Royal Commission into National Natural Disaster Arrangements, Recommendation 21.2 – Reform fundraising laws: Australian, state and territory governments should create a single national scheme for the regulation for charitable fundraising
‘The current fundraising regulations are a classic example of feral bureaucracy costing millions of dollars each year and thousands of hours of charitable staff time in wasted compliance activity. There is an easy fix if all governments agreed to work with the information already collected by the Australian Charities and Not-for-profit Commission rather than duplicating and collecting their own.’
CCA CEO, David Crosbie, 15 December
Give thanks, give time, give dollars
2020 brought us a rediscovery of the fundamental value of community, of connection and of giving.
It was also a chance to engage our leaders, the public, business and our workforce with the value and importance of charities to Australian communities.
Special thanks to Our Community for all the work to bring not one, but two Giving Tuesdays to Australia in 2020… and to the Royal Australian Mint and Saatchi & Saatchi for a world-leading initiative to circulate a reminder and conversation starter on giving through our hands, and through our economy with the launch of Donation Dollar.
CCA welcomed and partnered with both initiatives. We want to see our sector take advantage and create more of these opportunities to talk to our impact, to celebrate and engage leaders, business and our communities with our work and our value.
A global giving campaign gains traction in Australia, Fundraising and Philanthropy Magazine, 26 October. Tim encourages charities to get involved in the global day celebrating giving: Giving Tuesday, 1 December
Open Letter to all Australian politicians, Giving Tuesday, 18 November
The world’s first coin with a call to action, Pro Bono News, 2 September. Tim says the attitudinal and behavioural change that could result from the launch of Donation Dollar was very significant, with every coin offering a chance to spark new conversations about generosity.
Hidden meaning in new $1 coin design, The Telegraph, 2 September. Tim says, “For the first time, we have a coin that isn’t just triggering economic value but triggering compassion and generosity which prompts people to think of those in need.”
New dollar coin designed to be given away, The Standard, 2 September. Tim says, “We are hoping people will ask questions like who are you giving your donation dollar to, which charities do you already support, is it time to give a little more?”
Giving Tuesday ramps up globally to tackle Covid-19, Pro Bono News, 15 April, David said he hoped charities across Australia would organise different kinds of public engagement, awareness raising, and opportunities for their communities to give and support their work. ’
We can reduce the vulnerability of charities by increasing the value our communities place upon them. This is an important opportunity for all of us to highlight the value created by big and small charities across Australia, and to increase community engagement and support. David Crosbie on Giving Tuesday.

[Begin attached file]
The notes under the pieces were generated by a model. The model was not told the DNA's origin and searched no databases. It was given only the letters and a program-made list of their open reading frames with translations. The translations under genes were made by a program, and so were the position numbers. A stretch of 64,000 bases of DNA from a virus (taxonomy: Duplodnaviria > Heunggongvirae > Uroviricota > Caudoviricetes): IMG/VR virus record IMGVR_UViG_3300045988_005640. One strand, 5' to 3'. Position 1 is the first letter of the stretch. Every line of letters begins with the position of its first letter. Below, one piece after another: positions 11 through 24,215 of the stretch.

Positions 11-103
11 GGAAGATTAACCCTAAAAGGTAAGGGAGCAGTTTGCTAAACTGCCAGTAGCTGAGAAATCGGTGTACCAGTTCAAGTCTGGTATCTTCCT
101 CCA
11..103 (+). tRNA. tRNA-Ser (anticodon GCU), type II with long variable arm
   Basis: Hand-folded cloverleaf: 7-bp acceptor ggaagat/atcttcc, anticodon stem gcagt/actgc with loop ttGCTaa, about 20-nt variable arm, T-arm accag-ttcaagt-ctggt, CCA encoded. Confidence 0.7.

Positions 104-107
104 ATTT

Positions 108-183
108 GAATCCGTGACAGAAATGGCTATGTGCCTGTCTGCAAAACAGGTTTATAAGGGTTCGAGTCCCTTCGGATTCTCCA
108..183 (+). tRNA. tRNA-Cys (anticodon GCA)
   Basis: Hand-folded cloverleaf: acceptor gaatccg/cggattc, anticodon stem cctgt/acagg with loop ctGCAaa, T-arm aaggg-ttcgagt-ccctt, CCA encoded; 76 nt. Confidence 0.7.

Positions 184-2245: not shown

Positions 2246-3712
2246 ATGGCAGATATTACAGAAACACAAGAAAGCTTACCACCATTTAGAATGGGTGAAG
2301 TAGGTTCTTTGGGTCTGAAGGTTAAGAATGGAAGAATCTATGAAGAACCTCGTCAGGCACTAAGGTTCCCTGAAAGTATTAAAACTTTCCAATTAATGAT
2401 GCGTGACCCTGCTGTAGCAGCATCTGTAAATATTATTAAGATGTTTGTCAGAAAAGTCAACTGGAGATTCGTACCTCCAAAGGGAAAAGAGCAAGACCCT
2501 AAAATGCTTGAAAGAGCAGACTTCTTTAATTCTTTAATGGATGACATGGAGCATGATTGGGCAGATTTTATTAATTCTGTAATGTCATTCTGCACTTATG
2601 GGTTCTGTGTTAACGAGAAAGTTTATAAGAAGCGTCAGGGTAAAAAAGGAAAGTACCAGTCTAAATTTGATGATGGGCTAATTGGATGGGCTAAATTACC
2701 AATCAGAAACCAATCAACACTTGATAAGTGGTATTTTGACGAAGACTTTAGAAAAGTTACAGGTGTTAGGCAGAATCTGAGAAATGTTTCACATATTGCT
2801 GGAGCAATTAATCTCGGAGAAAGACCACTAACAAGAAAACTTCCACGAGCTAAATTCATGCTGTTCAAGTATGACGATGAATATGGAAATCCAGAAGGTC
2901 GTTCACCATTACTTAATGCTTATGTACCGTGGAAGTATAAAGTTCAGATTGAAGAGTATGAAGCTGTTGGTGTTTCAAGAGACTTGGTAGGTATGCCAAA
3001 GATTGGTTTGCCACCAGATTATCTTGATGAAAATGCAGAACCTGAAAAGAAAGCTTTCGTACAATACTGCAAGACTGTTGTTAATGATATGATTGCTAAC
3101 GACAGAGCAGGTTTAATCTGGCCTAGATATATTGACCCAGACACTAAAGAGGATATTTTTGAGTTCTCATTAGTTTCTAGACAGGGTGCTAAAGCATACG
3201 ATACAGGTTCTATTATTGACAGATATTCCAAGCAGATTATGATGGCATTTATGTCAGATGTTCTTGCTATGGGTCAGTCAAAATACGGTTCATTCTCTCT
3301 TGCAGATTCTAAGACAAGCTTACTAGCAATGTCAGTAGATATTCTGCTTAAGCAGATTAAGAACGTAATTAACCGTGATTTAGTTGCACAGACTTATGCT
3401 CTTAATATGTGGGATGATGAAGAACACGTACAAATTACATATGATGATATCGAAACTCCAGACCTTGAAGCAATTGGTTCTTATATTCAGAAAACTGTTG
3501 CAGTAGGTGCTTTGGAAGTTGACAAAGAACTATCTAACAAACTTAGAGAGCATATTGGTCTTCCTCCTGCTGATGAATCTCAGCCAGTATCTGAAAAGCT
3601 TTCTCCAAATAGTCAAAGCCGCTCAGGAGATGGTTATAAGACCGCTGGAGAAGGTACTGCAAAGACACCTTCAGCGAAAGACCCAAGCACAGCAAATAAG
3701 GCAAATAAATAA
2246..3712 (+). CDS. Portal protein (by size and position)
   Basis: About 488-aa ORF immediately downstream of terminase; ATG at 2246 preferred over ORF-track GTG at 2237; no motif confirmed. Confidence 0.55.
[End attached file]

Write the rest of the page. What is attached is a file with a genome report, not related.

It might be a small coin, but it will circulate as a constant reminder to give, and that can make a big difference. No longer is money just a measurement of economic value, it is now a measure of what am I doing with my life. It is a unit of compassion and a sense of generosity. I think that is a powerful shift. Tim Costello on the launch of Donation Dollar.
Meetings and Presentations
In a year where we lived much of our lives on zoom, Teams and Webex, CCA contributed to high level forums and meetings, including with parliamentarians, senior Government bureaucrats, members, sector colleagues, and corporate Australia.
2020 saw our charity leaders step up, to support their organisations, their communities, their workforce and volunteers, and each other. CCA supported the Australia at Home initiative, took our CEO and CFO Forums online, and established a Senior Policy Managers’ Network. These conversations were invaluable in informing and supporting our work and we know the peer support they facilitated was appreciated by many.
A sampling of meetings, presentations and forums:
Charities Crisis Cabinet, weekly for much of the year
Valuing charities (post bushfires) Working Group
Australia at Home
National Covid Coordination Commission (Charity, Philanthropy and Fundraising Advisory Group)
Australian Taxation Office Not-for-profit Stewardship Group
Pro Bono News Editorial Advisory Board
#FixFundraising Reform Meetings
Impact Investing Australia Board
Australian Scholarships Fund Advisory Board
Centre for Social Impact Impact 2020 series: Building Back Better
What can Australian charities learn from Canadian audits of charities involved in advocacy? Panel discussion, ACPNS-QUT webinar
Our Community and Institute of Community Directors webinars supporting Giving Tuesday and Not for Profit Finance Week
Launch of Donation Dollar